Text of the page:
In 1977 Harry Fox and Oscar Jutzeler (former Swiss clock and watch makers) put up a company named SpectraVision to distribute computer gaming products. The first products included cartridges for the popular consoles Atari VCS2600 and Colecovision and even some for the Commodore VIC-20.

In the early 80's the company was renamed to Spectravideo, due to a name conflict with a company making cable TV products. Later on they started selling accessories like the popular Quickshot joystick series. The first computer by Spectravideo was the SVI 318 which was not a big success so Kazuhiko Nishi, the head of ASCII Microsoft Japan, was asked to help the company with the design of their next model. Nishi agreed to help them, on the condition that he could base his MSX standard on the SVI design he would create. The result was the SVI 328 (which was my first real computer, *sob* ).

The SVI 328 was very close to the MSX standard, but Spectravideo launched SVI 728 in 1984 to make a fully compatible version. The following year they released the SVI 738 which included advanced features like a built-in 3.5" disk drive.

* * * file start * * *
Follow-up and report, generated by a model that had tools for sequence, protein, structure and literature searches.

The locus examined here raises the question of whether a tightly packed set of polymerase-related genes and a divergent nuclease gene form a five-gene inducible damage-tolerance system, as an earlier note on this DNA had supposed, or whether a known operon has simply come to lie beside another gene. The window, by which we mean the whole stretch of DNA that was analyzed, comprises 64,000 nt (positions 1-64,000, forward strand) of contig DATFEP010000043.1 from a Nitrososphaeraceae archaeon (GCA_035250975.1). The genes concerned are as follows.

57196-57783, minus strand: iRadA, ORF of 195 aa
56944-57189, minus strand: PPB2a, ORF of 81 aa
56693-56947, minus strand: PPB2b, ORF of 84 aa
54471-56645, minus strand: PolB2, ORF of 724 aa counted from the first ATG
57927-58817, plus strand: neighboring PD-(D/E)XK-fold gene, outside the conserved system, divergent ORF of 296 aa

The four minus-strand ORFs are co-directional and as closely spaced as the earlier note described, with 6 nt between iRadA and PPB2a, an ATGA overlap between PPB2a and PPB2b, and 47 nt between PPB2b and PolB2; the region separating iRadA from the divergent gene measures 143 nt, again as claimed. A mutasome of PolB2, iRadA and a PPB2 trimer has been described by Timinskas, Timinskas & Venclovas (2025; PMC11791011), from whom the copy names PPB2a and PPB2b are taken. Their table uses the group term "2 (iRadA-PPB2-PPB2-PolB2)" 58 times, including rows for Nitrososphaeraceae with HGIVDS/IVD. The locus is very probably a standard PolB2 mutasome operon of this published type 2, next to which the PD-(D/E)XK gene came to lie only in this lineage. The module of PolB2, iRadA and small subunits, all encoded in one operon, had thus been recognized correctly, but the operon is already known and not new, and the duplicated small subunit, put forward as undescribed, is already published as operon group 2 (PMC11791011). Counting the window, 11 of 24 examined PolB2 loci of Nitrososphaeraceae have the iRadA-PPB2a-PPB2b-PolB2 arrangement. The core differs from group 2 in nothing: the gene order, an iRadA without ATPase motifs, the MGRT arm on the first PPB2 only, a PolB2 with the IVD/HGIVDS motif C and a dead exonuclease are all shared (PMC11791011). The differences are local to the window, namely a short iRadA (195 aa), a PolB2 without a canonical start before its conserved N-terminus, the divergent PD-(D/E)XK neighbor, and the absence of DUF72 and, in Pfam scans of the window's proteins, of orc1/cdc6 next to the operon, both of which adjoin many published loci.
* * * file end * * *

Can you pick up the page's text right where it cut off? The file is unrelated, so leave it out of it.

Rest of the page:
The following computers were SVI 838 (also known as X'press 16) - a hybrid of a IBM PC combatible and an MSX2, and the more standard PC's SVI 256 and SVI 640. For a brief moment in time, Spectravideo claimed a monopoly on MS-DOS computers in the US, but after shipping almost 25,000 computers the company went down and was subsumed by its manufacturer, Bondwell.

Spectravideo still exists in the UK but now sells most of its products under the brand name of Logic 3. Quickshot was sold out by Bondwell some years ago to Tomei International (Holding) Ltd. in Hong Kong.

Information was gathered using the links from .